Christopher Hitchens, in another recurring fit of brilliance, deconstructs the Ten Commandments while reconstructing a new one.
The censored “South Park” episodes that satirized the Prophet Muhammad picked up an Emmy nomination for outstanding animation program on Thursday.
The two episodes, simply titled “200/201,” were televised in April and came under a severe amount of scrutiny because some interpretations of Islam forbid visual representations of the prophet. As Dave Itzkoff reported at the time, the satire “elicited an ominous message from an Islamic group based in New York.” The group implied that the creators of “South Park,” Matt Stone and Trey Parker, would “probably wind up like Theo van Gogh for airing this show.” Mr. van Gogh was killed by an Islamic militant in Amsterdam six years ago.
The episodes were censored by the channel that carries “South Park,” Comedy Central, and they have not been repeated on television since April. They are also unable to be viewed on the show’s Web site, SouthParkStudios.com. “After we delivered the show, and prior to broadcast, Comedy Central placed numerous additional audio bleeps throughout the episode. We do not have network approval to stream our original version of the show,” the Web site says.
Here comes a bizarre story from Saudi Arabia:
Sheikh Al Obeikan, an adviser to the royal court and consultant to the Ministry of Justice, set off a firestorm of controversy recently when he said on TV that women who come into regular contact with men who aren’t related to them ought to give them their breast milk so they will be considered relatives.
“The man should take the milk, but not directly from the breast of the woman,” Al Obeikan said, according to Gulf News. “He should drink it and then becomes a relative of the family, a fact that allows him to come in contact with the women without breaking Islam’s rules about mixing.”
Organized religion seems to have a deep seated problem with the sexual reproduction process of human beings. Sheikh Al Obeikan’s proclamation is one further revelation of this twisted phobia that masks itself as deity-enforced tradition.
You can’t use the Ground Zero excuse for this one:
A church may be a church, and a temple a temple, but through the prism of emotion that still grips many New Yorkers almost a decade after 9/11, a mosque can apparently represent a lot of things.
In the last few months, Muslim groups have encountered unexpectedly intense opposition to their plans for opening mosques in Lower Manhattan, in Brooklyn and most recently in an empty convent on Staten Island.
Some opponents have cited traffic and parking concerns. But the objections have focused overwhelmingly on more intangible and volatile issues: fear of terrorism, distrust of Islam and a linkage of the two in opponents’ minds.
“Wouldn’t you agree that every terrorist, past and present, has come out of a mosque?” asked one woman who stood up Wednesday night during a civic association meeting on Staten Island to address representatives of a group that wants to convert a Roman Catholic convent into a mosque in the Midland Beach neighborhood.
“No,” began Ayman Hammous, president of the Staten Island branch of the group, the Muslim American Society — though the rest of his answer was drowned out by catcalls and boos from among the 400 people who packed the gymnasium of a community center.
more than a dozen speakers, including Robert Spencer, a writer whose blog, Jihad Watch, is widely read in conservative foreign policy circles, said that the society and its national director, Mr. Bray, had ties to Hamas, Hezbollah and the Muslim Brotherhood. The first two are on the State Department’s list.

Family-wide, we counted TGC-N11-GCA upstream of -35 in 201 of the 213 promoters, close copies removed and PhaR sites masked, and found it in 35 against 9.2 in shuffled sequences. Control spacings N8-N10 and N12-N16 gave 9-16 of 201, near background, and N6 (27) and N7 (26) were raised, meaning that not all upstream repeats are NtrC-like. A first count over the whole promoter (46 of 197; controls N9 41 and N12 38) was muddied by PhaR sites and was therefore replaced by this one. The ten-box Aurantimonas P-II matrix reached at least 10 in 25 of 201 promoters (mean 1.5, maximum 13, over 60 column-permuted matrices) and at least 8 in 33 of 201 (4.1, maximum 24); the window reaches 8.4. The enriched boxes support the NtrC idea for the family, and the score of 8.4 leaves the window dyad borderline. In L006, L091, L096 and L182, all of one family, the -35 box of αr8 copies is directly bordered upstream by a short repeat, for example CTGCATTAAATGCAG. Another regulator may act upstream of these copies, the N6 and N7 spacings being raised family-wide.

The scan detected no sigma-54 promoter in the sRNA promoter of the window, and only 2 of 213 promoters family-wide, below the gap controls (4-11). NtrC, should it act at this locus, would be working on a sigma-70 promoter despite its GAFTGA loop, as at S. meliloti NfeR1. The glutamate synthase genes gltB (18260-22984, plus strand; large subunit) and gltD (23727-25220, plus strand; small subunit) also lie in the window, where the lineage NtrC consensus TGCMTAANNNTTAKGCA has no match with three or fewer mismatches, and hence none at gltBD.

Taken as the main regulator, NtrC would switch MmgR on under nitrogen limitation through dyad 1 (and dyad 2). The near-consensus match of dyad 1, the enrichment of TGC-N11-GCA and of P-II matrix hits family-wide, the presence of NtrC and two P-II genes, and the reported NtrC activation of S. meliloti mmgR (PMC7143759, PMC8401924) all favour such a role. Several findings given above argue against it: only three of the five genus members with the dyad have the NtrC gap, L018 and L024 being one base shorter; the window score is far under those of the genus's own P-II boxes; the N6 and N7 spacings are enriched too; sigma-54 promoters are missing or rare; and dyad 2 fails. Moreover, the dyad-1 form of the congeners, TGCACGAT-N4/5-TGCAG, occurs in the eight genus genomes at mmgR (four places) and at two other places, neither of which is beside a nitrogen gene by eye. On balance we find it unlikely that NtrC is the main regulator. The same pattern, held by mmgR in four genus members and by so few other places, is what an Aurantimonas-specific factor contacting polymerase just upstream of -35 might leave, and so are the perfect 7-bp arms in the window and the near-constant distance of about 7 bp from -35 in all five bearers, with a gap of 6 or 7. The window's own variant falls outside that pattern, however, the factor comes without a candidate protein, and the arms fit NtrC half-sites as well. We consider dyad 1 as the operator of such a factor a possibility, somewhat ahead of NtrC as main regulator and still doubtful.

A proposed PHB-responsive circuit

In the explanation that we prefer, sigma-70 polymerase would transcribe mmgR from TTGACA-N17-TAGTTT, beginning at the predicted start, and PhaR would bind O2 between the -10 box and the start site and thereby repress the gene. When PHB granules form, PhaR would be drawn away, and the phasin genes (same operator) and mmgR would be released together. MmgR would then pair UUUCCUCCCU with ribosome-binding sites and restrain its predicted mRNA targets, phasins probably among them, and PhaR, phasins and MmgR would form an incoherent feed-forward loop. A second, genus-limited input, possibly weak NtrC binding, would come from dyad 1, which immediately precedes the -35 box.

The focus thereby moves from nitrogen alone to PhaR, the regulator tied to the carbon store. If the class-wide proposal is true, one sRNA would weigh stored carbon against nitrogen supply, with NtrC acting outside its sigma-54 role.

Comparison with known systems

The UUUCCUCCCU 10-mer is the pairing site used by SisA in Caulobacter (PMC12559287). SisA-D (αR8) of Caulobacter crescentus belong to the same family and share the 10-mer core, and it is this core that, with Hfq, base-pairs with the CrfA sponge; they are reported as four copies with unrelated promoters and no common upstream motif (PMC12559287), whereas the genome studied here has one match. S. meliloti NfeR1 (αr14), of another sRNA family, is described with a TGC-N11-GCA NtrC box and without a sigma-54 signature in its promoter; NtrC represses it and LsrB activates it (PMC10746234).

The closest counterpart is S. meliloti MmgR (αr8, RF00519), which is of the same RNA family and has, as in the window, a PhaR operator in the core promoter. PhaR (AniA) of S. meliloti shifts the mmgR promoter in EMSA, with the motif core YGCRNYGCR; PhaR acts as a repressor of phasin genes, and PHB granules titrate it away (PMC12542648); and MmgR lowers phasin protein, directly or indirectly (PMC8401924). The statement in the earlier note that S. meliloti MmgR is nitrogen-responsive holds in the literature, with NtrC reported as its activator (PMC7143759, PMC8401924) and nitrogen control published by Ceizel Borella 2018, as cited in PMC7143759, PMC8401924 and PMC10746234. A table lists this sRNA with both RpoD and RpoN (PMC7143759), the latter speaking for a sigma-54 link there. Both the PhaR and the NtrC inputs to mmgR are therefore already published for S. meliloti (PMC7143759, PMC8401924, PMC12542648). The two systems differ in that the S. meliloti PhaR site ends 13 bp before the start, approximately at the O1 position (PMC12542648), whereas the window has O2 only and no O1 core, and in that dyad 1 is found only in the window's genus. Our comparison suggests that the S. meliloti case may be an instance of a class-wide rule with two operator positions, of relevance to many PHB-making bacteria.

“Will you denounce Hamas and Hezbollah as terrorist organizations?” Mr. Spencer demanded. “Yes or no?”
Mr. Hammous said he denounced “any form of terrorism, any act of terror — by individuals, by groups, by governments.”
I love how blatant Penn is about sex, religion and politics. Seeing as Silverman has been known for making some pretty horrible jokes, and using the n-word, which I certainly have the decency not to, not touching Islam is the height of cowardice.
If any has the balls to reveal Islam as the misogynist, oppressive, expansionist religion that it is, By the way, the article Penn references in Reason is well worth reading.
Ayaan Hirsi Ali, a leading critic of Islamic fundamentalism, takes on Islamic orthodoxy and concludes it needs greater competition with other faiths and ideas.
While walking around the most liberal town in America, Berkeley, California, I found this heartening sticker:
Maybe the South Park controversy is getting their head in order. That or the Berkeley conservatives are making their presence known.
As Michael noted a few days ago, the person that came up with the “Everybody Draw Muhammad Day” idea backtracked because it “struck a gigantic nerve.” Alas, the folks at Reason are holding a “Everybody Draw Mohammed” contest:
The deadline for submitting work to Reason’s Everybody Draw Mohammed contest has passed; winners will be shown on Thursday, May 20.
All that remains is anticipation, both of the artwork that will be displayed and the possible threats of violence that will likely follow. Or should that be “the likely threats of possible violence”?
This is hardly new news, but appears to have gone under the radar:
In declaring May 20th to be “Everybody Draw Muhammad Day,” Seattle artist Molly Norris created a poster-like cartoon showing many objects — from a cup of coffee to a box of pasta to a tomato — all claiming to be the likeness of Muhammad.
Following controversy, she has backtracked, and when asked about her change of heart, Norris told The Ticket that she didn’t intend for the cartoon “to go viral”: “This particular cartoon of a ‘poster’ seems to have struck a gigantic nerve, something I was totally unprepared for,” she said.
I recommend everyone continue on and draw Muhammed on May 20. Don’t give in to terrorists.